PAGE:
Ukraine's President Volodymyr Zelensky has warned that Russia could start "a major war in Europe" any day now, and called on Russians to oppose it.
In a late-night address, he said he had unsuccessfully sought talks with Russian President Vladimir Putin.
"I initiated a telephone call with the president of the Russian federation. Result: silence," Mr Zelensky said.
He said Russia had almost 200,000 troops and thousands of combat vehicles on Ukraine's borders.
And switching from Ukrainian into Russian, Mr Zelensky made an emotional appeal to Russians to reject an attack, saying they were being lied to about Ukraine.
"Who can stop (the war)? People. These people are among you, I am sure," he said.
Ukraine's leader said his country was ready for a Russian attack, vowing: "If they (Russia) attack, if they try to take our county - our freedom, our lives, the lives of our children - we will be defending ourselves."
"As you attack, it will be our faces you see, not our backs," the Ukrainian president said.
It came as Russian troops, ordered into Ukraine's two rebel-held regions, were reportedly edging closer to the border.
Moscow said the breakaway regions in eastern Ukraine had asked for military support.
Early on Thursday, Ukraine said it had restricted civilian flights in its airspace due to "potential hazard".
The move followed warnings from the conflict zone monitor Safe Airspace, which said planes risked being shot down unintentionally or affected by cyber attacks.
It was not initially clear if the notice amounted to an outright ban on civilian flights. It is due to expire at 2359 GMT on Thursday, unless extended further.
Russia has also issued a civil aviation notice warning that it is closing virtually all of eastern Ukrainian airspace on the border with Russia, according to a monitoring group.
The Open Source Intelligence Monitor says no "limit or ending time" has been provided so far by Moscow.
The United Nations Security Council is holding an emergency session from 02:30 GMT to discuss the deteriorating situation.
Ukraine has declared a state of emergency and told millions of its citizens living in Russia to return home. The 30-day emergency status allows authorities to adopt heightened security measures, including curfews.
Western countries have announced a series of sanctions against Russia since it tore up a 2014-15 peace deal for eastern Ukraine and recognised the so-called people's republics of Luhansk and Donetsk as independent states.
Moscow's claims that troops would be sent in for "peacekeeping" operations have been rejected by the UN secretary-general and decried as nonsense by the West.
Russia has been backing a bloody armed rebellion in eastern Ukraine for the past eight years. Some 14,000 people - including many civilians - have died in fighting since then.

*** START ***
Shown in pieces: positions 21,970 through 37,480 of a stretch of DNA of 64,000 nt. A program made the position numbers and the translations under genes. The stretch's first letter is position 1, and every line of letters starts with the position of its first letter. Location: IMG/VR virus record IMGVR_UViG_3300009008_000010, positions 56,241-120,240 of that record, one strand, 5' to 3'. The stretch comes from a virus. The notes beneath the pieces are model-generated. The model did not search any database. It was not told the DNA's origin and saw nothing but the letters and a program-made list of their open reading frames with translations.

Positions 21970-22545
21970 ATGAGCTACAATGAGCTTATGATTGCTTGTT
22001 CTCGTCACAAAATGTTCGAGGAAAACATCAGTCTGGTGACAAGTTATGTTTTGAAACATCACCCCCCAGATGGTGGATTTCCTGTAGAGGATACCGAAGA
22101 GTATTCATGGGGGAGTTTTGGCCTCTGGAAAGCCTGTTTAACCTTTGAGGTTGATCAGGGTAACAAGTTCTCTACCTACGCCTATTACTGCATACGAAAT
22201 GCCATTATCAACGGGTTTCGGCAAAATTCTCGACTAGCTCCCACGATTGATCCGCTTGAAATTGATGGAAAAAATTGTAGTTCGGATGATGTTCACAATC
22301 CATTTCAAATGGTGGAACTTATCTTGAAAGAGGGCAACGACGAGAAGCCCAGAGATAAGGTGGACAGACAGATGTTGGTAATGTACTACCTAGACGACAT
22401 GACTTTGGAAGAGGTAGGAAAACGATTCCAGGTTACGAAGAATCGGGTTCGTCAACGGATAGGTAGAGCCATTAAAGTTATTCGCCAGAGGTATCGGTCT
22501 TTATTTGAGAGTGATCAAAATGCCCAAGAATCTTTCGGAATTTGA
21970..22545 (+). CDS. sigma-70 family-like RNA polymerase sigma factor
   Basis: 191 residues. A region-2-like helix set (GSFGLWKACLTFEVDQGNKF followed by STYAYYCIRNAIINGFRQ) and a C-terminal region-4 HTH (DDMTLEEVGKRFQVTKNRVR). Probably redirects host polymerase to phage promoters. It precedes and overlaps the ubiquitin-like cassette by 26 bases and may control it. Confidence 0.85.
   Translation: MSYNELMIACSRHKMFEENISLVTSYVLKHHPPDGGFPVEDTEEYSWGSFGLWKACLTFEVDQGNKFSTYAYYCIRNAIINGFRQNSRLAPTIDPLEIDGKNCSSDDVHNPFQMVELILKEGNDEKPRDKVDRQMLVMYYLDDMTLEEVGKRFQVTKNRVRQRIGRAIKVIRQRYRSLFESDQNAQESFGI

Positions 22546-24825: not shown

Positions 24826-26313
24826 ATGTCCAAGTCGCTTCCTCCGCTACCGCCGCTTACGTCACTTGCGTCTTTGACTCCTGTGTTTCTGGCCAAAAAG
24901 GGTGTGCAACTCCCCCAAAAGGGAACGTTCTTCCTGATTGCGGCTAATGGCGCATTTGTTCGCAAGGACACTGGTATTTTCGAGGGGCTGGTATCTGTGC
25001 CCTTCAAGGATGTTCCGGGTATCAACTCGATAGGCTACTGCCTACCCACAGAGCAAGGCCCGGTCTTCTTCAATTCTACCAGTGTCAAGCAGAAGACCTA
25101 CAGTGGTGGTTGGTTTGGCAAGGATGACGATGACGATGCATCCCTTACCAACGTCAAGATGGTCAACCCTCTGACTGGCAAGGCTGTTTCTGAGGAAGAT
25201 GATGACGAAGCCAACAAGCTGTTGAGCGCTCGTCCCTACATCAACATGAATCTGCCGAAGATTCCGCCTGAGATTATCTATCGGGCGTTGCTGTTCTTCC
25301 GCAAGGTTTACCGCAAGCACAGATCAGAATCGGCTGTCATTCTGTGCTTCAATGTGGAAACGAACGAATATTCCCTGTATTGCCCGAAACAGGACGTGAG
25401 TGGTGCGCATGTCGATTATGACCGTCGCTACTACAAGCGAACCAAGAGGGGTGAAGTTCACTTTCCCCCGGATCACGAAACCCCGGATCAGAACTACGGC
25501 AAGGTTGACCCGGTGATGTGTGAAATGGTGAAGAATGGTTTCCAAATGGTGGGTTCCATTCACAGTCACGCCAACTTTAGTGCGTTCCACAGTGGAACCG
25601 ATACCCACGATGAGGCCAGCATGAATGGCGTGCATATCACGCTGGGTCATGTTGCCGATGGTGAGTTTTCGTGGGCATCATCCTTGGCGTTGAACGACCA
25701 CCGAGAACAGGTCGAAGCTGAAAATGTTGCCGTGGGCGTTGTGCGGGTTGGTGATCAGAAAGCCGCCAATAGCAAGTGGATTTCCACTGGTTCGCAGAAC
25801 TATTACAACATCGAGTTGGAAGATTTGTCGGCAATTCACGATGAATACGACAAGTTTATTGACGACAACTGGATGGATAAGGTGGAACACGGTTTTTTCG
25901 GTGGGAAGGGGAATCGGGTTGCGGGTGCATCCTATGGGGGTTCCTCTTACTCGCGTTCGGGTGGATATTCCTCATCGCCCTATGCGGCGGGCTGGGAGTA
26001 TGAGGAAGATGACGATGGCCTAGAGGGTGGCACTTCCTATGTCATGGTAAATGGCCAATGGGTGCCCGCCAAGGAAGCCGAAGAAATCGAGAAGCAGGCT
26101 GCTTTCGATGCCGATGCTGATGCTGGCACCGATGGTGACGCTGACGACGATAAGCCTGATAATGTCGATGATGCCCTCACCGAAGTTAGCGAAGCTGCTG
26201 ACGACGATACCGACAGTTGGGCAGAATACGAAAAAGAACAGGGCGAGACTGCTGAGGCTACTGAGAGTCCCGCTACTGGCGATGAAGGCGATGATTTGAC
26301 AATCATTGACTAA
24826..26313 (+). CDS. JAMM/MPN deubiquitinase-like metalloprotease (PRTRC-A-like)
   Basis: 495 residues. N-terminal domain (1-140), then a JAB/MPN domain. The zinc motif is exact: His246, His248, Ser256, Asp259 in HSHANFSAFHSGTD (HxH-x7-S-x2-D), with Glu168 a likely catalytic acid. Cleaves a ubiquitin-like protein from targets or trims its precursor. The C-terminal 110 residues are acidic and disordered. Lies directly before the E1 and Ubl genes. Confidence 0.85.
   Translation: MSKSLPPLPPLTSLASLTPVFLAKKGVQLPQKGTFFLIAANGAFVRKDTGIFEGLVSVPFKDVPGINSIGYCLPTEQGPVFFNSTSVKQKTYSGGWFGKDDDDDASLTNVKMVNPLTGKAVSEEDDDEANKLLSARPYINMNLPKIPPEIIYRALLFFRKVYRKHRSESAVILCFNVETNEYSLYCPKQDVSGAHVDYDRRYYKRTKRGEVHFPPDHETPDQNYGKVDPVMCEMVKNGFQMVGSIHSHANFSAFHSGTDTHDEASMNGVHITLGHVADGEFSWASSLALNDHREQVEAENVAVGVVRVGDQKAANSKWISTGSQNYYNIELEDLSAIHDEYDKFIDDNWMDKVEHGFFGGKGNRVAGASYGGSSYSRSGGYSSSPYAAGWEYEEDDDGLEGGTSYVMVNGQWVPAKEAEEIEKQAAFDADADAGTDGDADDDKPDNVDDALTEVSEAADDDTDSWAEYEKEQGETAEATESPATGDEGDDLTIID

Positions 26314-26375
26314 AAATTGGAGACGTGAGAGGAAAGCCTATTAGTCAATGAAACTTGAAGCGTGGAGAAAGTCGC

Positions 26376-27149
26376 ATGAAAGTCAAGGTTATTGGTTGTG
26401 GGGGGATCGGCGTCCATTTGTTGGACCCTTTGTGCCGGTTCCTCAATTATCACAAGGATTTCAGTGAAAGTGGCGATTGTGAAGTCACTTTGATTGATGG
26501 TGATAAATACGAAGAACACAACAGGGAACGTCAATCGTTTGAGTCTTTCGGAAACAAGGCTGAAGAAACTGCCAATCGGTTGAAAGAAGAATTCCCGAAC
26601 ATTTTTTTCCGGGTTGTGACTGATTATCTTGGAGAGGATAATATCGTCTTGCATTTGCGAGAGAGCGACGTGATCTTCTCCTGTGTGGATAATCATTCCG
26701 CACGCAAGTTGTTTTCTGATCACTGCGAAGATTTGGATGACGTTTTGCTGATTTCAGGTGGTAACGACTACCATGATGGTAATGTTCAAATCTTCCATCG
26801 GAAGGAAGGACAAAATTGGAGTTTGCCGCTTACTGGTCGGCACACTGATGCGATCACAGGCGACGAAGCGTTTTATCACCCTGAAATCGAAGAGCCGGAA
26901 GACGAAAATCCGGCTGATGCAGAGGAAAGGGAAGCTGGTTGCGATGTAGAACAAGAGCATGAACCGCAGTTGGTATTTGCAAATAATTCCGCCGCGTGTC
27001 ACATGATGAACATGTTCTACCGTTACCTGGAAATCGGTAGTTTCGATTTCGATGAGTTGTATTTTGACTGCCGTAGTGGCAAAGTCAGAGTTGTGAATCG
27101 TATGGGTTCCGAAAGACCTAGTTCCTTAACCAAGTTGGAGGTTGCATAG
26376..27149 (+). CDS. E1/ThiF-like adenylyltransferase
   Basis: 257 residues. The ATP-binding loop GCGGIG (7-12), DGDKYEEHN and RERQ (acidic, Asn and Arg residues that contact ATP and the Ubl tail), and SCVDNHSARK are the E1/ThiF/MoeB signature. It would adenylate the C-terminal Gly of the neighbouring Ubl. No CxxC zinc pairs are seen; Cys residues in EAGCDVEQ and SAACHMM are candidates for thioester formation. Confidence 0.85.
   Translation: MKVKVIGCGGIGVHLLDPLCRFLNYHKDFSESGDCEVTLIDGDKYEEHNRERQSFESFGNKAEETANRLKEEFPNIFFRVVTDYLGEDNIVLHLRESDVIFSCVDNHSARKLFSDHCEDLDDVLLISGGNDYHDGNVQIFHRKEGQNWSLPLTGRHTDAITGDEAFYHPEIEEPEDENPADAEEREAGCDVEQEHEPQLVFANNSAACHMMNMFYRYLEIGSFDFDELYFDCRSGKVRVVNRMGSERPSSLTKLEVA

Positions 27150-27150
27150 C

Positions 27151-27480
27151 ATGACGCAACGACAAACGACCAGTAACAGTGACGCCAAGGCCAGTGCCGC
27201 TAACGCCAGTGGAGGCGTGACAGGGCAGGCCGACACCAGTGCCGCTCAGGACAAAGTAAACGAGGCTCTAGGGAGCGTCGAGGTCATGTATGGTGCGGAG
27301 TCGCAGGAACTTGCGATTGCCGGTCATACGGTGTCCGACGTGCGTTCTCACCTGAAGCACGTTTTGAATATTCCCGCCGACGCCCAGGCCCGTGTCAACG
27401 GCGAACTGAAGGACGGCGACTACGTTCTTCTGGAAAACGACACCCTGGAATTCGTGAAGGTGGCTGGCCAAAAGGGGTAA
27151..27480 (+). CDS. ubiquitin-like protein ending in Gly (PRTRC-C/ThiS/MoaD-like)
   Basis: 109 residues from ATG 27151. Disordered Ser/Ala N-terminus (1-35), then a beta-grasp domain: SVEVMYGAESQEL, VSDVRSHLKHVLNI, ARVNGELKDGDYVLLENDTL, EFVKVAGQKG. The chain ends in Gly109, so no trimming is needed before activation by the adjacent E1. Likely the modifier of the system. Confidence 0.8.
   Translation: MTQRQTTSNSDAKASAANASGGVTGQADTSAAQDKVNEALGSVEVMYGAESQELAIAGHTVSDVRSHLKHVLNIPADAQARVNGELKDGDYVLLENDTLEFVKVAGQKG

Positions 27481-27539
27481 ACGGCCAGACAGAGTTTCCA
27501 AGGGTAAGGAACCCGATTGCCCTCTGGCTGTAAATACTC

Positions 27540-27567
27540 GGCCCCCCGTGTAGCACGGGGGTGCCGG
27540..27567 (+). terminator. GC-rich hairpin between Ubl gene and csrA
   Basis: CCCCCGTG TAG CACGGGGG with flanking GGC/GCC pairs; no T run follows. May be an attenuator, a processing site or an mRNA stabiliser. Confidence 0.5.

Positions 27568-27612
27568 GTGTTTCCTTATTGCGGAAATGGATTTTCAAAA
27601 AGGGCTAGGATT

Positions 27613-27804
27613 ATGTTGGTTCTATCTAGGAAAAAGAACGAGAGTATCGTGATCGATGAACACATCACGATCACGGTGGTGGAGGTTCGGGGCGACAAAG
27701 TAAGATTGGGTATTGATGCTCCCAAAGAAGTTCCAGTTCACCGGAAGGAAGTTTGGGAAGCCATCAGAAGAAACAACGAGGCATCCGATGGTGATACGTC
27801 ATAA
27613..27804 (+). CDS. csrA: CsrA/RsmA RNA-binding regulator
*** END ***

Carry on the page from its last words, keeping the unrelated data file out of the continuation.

The US has described Moscow's actions as marking the beginning of an invasion. A senior US defence official on Wednesday said Russian troops were "uncoiled and ready to go", with a large-scale invasion possible at any moment.
Fears of a Russian attack have been rising for months, with more than 150,000 troops massed along Ukraine's borders, according to US estimates.
Ukraine's state of emergency was overwhelmingly approved by lawmakers on Wednesday, and is now in force nationwide.
It introduces personal document checks, blocks military reservists from leaving the country, bans mass gatherings and places restrictions on radio communication systems.
Kyiv's mayor said checkpoints would be set up in roads into the city, and access to government buildings would be restricted.
Ukraine earlier said it was ordering its citizens to leave Russia because "escalating Russian aggression" could limit consular assistance.
As many as two million Ukrainians are believed to be living permanently in Russia and another one to two million more are thought to be staying there as migrant workers.
The military in Kyiv is also calling up all reservists aged 18 to 60 for a maximum of one year.
Ukraine's latest measures came as it was targeted by a large-scale cyber-attack on Wednesday, affecting government websites and banks.
A minister told Interfax-Ukraine news agency that services for several Ukrainian institutions, including the health, security and foreign ministries, were taken offline in a denial of service (DDOS) attack.
Such attacks aim to overwhelm websites by flooding a network with fake traffic and preventing it from communicating normally.
It is not clear if any Russian troops have yet crossed the border into Ukraine.
However, US satellite imagery has highlighted several new troop and equipment deployments in western Russia, and more than 100 vehicles at an airfield in Belarus near Ukraine's border.
On Wednesday night, the Kremlin said Donetsk and Luhansk had asked Russian forces for protection, citing what it described as Ukrainian aggression.
Analysts have suggested the request could be a pretext for a full-scale invasion
Separatist leader Denis Pushilin last week accused Ukraine of planning an imminent offensive and ordered an evacuation of civilians.
Ukraine said no offensive had been planned and it later emerged Mr Pushilin's order had been recorded two days earlier.
Russian President Vladimir Putin has said his country's interests and security are non-negotiable while insisting that Moscow is "open for direct and honest dialogue".
No further talks are planned, with France's foreign minister and US Secretary of State Anthony Blinken both cancelling planned meetings with Russia's Foreign Minister, Sergei Lavrov.
EU leaders have been invited for an extraordinary summit in Brussels on Thursday to discuss the crisis, while UN Secretary-General António Guterres warned that the world was facing a "moment of peril" as he called for de-escalation.
Ukrainian President Volodymyr Zelensky has said he will consider cutting off diplomatic ties with Russia altogether over the crisis.